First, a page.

The Spirit of Slow-Crafting

Yesterday we received our first shipment of oak barrels. These are charred American oak that we will fill with a bourbon for which we created the recipe. Well, technically, it will be bourbon upon release in about a year when the oak barrels have imparted both character and color.

It was very exciting to get the barrels. A bit of a Christmas Day as a kid kind of feeling. Is it the excitement of starting a new project, of getting creative again, of defining and then redefining our process and techniques? In part, but the barrels themselves hold an odd allure. Getting any new equipment is exciting, but there was something special about these. Freeing a brand-new, 200 gallon, stainless steel fermenter from its packing crate is exciting (and they’re also a pain to stand upright), but, again, the barrel has a different charm. Finally, we realized that we identify with the barrel-making process. A lot of the available distillery equipment rolls off assembly lines, touched and tested only here and there by various workers. Making barrels out of wood takes more time, more handling, more patience and attention. Our distillery works in this same way. It is possible to make spirits in a mechanical, industrialized process, but they’ll lack the animating “spirit” of human interaction. We’ll fill these barrels with bourbon made in the same way the barrels themselves were made.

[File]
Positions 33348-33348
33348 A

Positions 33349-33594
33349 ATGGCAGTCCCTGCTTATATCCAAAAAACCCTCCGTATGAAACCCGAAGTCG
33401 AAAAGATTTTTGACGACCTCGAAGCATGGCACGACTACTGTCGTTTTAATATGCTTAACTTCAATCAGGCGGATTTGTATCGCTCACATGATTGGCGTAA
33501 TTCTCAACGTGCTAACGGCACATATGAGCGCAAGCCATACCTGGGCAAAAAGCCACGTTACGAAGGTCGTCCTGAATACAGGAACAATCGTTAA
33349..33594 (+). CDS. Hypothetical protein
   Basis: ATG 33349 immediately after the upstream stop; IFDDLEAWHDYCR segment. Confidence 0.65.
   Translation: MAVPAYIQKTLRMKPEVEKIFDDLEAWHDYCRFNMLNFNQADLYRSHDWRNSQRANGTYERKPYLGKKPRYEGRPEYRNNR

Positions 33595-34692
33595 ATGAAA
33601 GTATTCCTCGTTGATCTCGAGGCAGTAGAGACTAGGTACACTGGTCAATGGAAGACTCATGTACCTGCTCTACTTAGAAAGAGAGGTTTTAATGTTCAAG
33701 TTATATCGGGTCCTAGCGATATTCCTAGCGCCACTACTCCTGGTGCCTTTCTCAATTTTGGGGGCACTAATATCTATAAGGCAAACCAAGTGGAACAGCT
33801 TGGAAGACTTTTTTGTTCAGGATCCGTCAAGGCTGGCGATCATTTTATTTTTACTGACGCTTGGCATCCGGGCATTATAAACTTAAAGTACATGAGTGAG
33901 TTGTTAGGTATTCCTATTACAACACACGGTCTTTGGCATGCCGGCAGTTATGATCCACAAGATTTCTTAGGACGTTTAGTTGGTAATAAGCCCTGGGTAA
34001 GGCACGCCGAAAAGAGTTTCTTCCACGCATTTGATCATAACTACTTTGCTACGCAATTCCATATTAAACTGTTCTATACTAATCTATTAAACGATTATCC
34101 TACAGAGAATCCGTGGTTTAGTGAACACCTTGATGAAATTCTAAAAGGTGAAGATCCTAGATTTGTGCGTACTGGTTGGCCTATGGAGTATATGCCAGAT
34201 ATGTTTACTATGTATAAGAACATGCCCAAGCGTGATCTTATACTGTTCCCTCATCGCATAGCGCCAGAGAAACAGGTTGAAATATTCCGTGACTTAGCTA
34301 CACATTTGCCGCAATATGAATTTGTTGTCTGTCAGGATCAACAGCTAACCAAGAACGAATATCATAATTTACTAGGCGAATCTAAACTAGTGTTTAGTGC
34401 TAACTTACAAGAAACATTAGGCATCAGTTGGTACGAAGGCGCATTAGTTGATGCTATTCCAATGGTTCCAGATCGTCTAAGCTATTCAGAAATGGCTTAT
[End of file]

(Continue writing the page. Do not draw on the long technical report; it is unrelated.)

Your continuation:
Long live slow-craft, and long live coopering.